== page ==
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Five Challenges of mHealth

What are some of the challenges that have been found with mHealth? Fierce Mobile Health Care discussed five of the most pressing ones that were listed in a recent article at the Journal of Medical Internet Research. The reasons are:

  • Privacy
  • Data security
  • Funding
  • A lack of good examples of the efficacy and cost effectiveness of mHealth in practice
  • The need for the more high-quality research

These are definitely concerns for a reason. As I’ve reviewed different mHealth apps and websites, I often find myself wondering about the privacy — is my information somehow being tracked? I especially have thought about this as I’ve started using a patient portal for my son’s health care. I don’t want anyone being able to view private information concerning my son. One would hope that before launching these services, potential data breaches have been prevented as much as possible. However, it is a risk that one takes when allowing their information (or, in my case, my son’s) to be put in a place that may be a victim of a data breach.

I think one of the biggest issues is that of keeping people involved. I mean, it’s easy to get excited about mHealth, but it’s also very easy to fall of that bandwagon. There needs to be away to keep patient engagement high . . . Though I’m not sure what that would be.

I don’t know much about the other issues cited, but as I read the journal entry and the article as well, I could definitely see why there is cause for concern. I just wonder what can be done — any suggestions? What do you feel are the biggest challenges mHealth faces?

October 23, 2012 I Written By

Katie Clark is originally from Colorado and currently lives in Utah with her husband and son. She writes primarily for Smart Phone Health Care, but contributes to several Health Care Scene blogs, including EMR Thoughts, EMR and EHR, and EMR and HIPAA. She enjoys learning about Health IT and mHealth, and finding ways to improve her own health along the way.

Could a Mobile App Actually Detect an Acute Stroke?

A very interesting study was recently conducted in Canada that may very well lead to the widespread use of mobile apps in clinical situations.  There are already numerous apps that can help patients deal with managing diseases such as diabetes, asthma, and even cancer treatments, but this study, published by the Journal of Medical Internet Research suggests that mobile apps may also be effective in clinical situations.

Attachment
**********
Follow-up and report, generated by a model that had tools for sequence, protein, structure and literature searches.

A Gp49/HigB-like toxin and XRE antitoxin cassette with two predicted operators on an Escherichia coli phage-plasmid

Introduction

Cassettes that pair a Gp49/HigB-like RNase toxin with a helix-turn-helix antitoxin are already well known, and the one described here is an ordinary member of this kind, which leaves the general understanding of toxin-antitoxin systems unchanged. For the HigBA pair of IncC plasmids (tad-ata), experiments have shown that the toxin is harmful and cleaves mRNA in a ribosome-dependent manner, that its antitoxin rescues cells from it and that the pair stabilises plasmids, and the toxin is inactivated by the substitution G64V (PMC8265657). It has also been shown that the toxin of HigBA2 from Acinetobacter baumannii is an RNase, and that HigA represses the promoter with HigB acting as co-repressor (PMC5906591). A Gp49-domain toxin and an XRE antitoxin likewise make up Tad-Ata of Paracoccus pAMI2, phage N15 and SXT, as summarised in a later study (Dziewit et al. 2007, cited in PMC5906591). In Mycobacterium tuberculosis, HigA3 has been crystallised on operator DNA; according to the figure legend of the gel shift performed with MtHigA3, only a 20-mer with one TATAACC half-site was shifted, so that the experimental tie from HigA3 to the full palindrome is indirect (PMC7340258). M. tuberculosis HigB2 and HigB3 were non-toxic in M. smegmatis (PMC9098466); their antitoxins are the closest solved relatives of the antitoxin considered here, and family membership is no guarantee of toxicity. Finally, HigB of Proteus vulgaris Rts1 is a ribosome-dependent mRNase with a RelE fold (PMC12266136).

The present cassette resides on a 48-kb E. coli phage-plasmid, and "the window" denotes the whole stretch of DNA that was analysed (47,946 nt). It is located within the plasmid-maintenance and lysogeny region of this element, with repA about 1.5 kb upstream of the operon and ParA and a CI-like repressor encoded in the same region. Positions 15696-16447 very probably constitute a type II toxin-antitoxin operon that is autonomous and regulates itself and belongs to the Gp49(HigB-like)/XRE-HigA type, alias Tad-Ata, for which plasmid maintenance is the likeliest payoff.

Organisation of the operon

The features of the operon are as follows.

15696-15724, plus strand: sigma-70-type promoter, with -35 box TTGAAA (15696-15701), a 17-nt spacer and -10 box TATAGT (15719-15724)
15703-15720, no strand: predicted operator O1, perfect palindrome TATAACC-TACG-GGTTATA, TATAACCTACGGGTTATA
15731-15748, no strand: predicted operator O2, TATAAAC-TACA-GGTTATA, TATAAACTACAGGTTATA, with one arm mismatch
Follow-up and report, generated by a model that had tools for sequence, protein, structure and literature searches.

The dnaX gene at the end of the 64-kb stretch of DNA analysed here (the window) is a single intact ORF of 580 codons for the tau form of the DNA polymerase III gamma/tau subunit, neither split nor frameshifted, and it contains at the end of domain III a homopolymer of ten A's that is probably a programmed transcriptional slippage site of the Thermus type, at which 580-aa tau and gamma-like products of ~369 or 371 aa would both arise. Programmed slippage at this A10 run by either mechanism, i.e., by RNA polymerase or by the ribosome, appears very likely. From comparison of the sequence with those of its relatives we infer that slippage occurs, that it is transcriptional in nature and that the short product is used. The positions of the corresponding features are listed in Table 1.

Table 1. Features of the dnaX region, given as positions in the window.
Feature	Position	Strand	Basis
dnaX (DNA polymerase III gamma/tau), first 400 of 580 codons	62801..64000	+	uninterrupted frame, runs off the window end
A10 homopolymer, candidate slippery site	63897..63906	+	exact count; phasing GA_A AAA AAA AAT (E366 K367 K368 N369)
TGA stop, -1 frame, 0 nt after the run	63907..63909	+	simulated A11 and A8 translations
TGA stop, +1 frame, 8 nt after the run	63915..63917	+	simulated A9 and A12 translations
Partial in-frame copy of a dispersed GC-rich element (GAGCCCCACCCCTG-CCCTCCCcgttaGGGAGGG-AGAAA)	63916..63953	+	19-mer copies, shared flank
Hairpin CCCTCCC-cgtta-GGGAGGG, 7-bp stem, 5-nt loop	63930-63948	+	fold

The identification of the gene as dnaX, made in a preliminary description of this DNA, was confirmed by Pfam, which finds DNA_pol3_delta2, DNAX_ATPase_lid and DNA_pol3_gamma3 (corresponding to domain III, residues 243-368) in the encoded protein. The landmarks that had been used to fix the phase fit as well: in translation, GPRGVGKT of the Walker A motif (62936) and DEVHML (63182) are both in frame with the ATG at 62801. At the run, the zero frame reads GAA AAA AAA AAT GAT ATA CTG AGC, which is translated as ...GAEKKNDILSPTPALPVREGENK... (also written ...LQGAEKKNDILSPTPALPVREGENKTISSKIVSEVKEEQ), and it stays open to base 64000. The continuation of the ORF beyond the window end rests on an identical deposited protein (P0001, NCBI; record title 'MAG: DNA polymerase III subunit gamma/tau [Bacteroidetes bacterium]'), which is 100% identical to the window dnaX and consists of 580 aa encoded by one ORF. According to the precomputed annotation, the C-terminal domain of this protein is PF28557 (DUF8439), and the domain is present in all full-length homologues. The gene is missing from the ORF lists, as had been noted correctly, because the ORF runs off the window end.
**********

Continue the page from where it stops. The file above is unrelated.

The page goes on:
The study took place in Calgary, Alberta, Canada and utilized a teleradiology system for the diagnosis of acute stroke.  I am no doctor, and I don’t claim to understand most of what was in the actual report, but there are a few things that I did understand that could prove to be extremely noteworthy in the future.

The study used currently available smart phones to see if the devices could handle the imagery necessary to make an accurate and timely diagnosis of acute stroke.

According to the study, “The sensitivity, specificity, and accuracy of detecting intraparenchymal hemorrhage were 100% using the iOS device…”.  Like I said, I am no doctor, but 100% is pretty darn good when it comes to diagnosing any kind of disease or injury.  While the results are impressive the study ultimately had the following conclusion:

The smartphone client-server teleradiology system appears promising and may have the potential to allow urgent management decisions in acute stroke. However, this study was retrospective, involved relatively few patient studies, and only two readers. Generalizing conclusions about its clinical utility, especially in other diagnostic use cases, should not be made until additional studies are performed.

As they stated in their own report this is an extremely small sample size with plenty of restrictions and shortcomings, but it does shed some light on what the future may hold.  With further studies and research doctors may well be able to save lives using their smartphones.  I am sure there will be plenty of naysayers out there, but if we have the technology to save lives we are only hurting ourselves if we don’t use it.

May 12, 2011 I Written By